Speaking of the Select Committee, a coalition of 38 organizations and 16 experts on Congress (including former Members) today released a letter calling on the House to continue the SCOMC in the 117th Congress.


Senate leadership slates were set last week. Sens. McConnell & Schumer retained their spots at the top; we can’t say who will be the Majority Leader until the Georgia runoff races are settled. Republicans added Sen. Rick Scott to run the NRSCDems added Sens. Booker and Cortez Masto.

House leadership elections will take place mostly remotely this week, according to POLITICO, there will be zoom presentations and voting on an internal app. The Democratic Caucus will meet tomorrow, followed by leadership elections Thursday & Friday; Committee and DCCC Chair votes are the week after Thanksgiving.

• There’s some musical chairs going on with Rep. Bustos stepping down as DCCC Chair; she’s landing on her feet with a promotion of sorts, serving as co-chair of the Democratic Steering & Policy Committee, which is responsible for placing members on committees. Rep. Bustos is taking the spot vacated by Rep. DeLauro, who is running for Approps Chair. DCCC Chair candidates to replace Rep. Bustos include Reps. Cardenas, Sanchez, Sean Patrick Maloney and Veasey; meanwhile Vice Chair of the Caucus is also up for grabs.

Will Pelosi go? Rep. Elissa Slotkin said she won’t vote for her, but even with House Dems losing seats, it’s not clear how many others will withhold their votes. At most House Dems will hold 227 seats, or at fewest 222, which means any small group of Members will have a lot of leverage.

Changes to the Progressive Caucus Rules could increase the group’s power and agility. Newly-approved rules implement a single-Chair model and require bloc voting on proposals approved by 2/3s of the caucus as well as regular attendance.

Congressional Black Caucus Chair Karen Bass will be term limited out next Congress and Rep. Joyce Beatty is running to succeed her.


Congress, especially among staffhas a representation problem, and while things are moving in the right direction, Members can and should consult with the Office of Diversity and Inclusion and staff organizations throughout their hiring processes to address discrepancies.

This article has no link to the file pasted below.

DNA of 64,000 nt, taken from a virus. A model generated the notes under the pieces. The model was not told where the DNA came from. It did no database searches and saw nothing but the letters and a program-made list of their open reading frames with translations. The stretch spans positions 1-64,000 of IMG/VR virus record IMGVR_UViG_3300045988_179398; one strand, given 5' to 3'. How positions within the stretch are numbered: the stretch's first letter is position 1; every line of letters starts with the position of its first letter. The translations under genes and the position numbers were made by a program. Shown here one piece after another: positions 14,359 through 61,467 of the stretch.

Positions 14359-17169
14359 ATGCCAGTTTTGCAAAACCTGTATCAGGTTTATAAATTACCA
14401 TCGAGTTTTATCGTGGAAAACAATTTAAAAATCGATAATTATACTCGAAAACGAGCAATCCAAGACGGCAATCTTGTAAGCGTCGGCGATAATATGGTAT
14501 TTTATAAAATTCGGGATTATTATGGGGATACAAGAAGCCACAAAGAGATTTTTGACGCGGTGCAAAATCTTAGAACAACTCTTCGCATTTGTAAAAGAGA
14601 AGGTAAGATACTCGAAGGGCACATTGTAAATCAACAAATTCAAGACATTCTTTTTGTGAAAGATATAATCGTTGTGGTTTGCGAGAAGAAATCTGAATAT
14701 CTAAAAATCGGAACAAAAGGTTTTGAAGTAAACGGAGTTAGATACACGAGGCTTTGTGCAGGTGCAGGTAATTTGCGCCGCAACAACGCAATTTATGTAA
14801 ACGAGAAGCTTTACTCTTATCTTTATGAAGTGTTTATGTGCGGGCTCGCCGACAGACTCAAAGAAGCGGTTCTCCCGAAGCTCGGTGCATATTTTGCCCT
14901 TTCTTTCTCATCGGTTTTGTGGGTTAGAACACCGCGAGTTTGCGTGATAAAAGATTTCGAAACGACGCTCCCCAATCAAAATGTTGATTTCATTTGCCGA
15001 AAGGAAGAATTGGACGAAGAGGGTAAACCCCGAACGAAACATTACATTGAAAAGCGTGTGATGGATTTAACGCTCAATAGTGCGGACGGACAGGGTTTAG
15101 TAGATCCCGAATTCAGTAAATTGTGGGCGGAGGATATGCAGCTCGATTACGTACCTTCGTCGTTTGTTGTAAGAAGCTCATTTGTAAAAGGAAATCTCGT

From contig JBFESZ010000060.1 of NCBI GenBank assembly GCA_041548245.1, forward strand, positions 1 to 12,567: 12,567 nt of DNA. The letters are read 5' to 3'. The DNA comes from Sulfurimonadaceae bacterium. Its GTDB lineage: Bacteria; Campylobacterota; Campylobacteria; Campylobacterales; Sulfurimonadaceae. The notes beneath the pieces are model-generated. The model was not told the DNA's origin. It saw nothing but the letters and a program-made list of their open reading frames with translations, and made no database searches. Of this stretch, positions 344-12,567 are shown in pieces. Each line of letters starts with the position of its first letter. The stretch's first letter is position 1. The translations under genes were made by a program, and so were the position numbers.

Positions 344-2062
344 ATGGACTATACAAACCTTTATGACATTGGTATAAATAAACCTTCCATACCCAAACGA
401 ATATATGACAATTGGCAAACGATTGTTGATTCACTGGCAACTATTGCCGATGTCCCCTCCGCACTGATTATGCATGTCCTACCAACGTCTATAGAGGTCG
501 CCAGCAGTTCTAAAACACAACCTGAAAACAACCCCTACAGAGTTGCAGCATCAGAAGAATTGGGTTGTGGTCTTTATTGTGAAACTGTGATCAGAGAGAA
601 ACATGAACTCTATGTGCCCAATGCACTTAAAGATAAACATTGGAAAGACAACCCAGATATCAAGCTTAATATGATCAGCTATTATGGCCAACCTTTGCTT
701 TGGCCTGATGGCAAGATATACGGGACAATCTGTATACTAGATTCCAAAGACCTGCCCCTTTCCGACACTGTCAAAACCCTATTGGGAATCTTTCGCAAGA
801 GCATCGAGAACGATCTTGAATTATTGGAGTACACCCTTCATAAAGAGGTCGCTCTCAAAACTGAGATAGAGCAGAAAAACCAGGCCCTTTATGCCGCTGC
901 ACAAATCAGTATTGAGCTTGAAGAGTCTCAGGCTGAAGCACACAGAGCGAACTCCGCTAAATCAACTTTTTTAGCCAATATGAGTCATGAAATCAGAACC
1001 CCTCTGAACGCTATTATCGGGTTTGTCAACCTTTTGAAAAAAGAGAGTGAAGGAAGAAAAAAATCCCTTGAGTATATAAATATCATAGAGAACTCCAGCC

The SCOMC included recommendations partially addressing barriers to entry for a career on the Hill, which Jennifer Graciano highlights in a recent article. She notes that a less diverse legislature means “less responsiveness to issues that are most prevalent among minorities.”

COVID in the Capitol: NPR has some great visuals illustrating the timeline of covid hitting Congress as well as which Members have been affected. (We still love GovTrack’s COVID tracker.)

What’s next? We are hearing many senior hill staffers are in contention for the Biden administration. Having experienced legislative hands in the Executive branch would be a welcome change, but we do worry about the effects of losing so many talented staff.


Former Speaker Pelosi Chief of Staff Nadeam Elshami and former Rep. Ed Royce are now lobbying for the Egyptian government led by Dictator Abdel Fattah al-Sisi.

Barr Bar Complaint. Former DC Bar leaders’ call for an investigation of the Attorney General suggests a missed opportunity for the House..

Capitol Police reported four arrests last week including an instance of attempted trespassing at the Capitol.


New Member orientation in the House continues this week.

The House is in this week; here’s the floor schedule and combined committee schedule. The Senate also resumes on Monday, where it will consider yet another judicial nomination.

Down the Line

• Advisory Committee on the Records of Congress is holding their next meeting on Monday, December 7th, 2020 at 1pm. Register here.